Hope this helps,

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Old 10-31-2008, 08:17 PM   #18
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Make sure the eggs are room temperature as well. I just use a regular blender. See my recipe a couple of posts ago. Good luck!
"First we eat, then we do everything else." M.F.K. Fisher
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Old 11-05-2008, 09:47 AM   #19
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I got a few tips here, I made lots of mayo in school so far, aioli is one of my favorite salad dressings, though I use it more for sandwiches than anything else. Here's a few tips...

-The most important, froth the yolk before beginning your emulsion. If you just add oil to the yolk without frothing it good it won't emulsiy properly. I was having trouble one day and that is all it was, sounds like it may be what you're not doing.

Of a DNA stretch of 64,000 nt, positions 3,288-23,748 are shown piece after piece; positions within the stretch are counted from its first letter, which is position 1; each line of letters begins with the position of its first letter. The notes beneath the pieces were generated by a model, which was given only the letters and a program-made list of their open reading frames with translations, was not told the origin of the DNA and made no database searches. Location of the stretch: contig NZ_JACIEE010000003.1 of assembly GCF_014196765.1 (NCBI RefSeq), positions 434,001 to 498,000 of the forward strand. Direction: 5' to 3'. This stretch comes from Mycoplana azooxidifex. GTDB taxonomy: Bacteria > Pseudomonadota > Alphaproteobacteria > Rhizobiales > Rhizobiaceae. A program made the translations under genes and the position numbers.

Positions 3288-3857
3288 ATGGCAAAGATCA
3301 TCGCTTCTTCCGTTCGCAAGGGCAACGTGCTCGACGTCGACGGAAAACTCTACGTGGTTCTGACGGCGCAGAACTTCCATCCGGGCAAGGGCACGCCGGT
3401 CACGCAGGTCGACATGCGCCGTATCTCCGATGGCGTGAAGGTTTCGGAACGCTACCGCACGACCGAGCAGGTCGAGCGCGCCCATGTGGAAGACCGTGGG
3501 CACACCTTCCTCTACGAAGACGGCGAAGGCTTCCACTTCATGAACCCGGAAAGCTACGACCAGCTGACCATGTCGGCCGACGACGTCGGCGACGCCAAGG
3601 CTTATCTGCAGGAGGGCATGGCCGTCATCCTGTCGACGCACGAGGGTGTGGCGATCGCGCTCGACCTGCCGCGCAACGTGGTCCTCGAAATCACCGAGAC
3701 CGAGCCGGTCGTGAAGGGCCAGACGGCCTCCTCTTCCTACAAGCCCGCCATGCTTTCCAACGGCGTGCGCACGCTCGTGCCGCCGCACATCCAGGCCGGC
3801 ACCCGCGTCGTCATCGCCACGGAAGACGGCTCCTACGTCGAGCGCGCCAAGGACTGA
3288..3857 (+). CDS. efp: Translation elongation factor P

-One egg yolk should emulsify 200 ml of oil, a few Swiss chefs told me 250 ml, so anywhere between there.

-A teaspoon of ground mustard per 2 egg yolks I believe helps emulsification.

-Add a little of the white wine vinegar and lemon juice in the recipe to the yolk/mustard froth, and as you are emulsifying and the mayo is getting a little too thick, add a little bit of the vineger and lemon juice to bring it back down to the consistency you want.

Hope those tips help, emulsifying can be a ***** but after you've done it a few times it's pretty simple. It's also difficult to emulsify small amounts, if you're only using 1 or 2 yolks try making a bigger batch (if you think you can use it all).
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Old 08-03-2009, 04:09 AM   #20
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I must admit that I am also taking short cuts very often and using mayo, when making Spanish dinners I want to fill the table with a lot of tapas and then it saves some valuable time.

A little tip to make your aioli even better, which I learnt from a great chef in Spain is to add a little dijon mustard and a tiny bit of curry. To finish it off you chop some parsley and stir that in.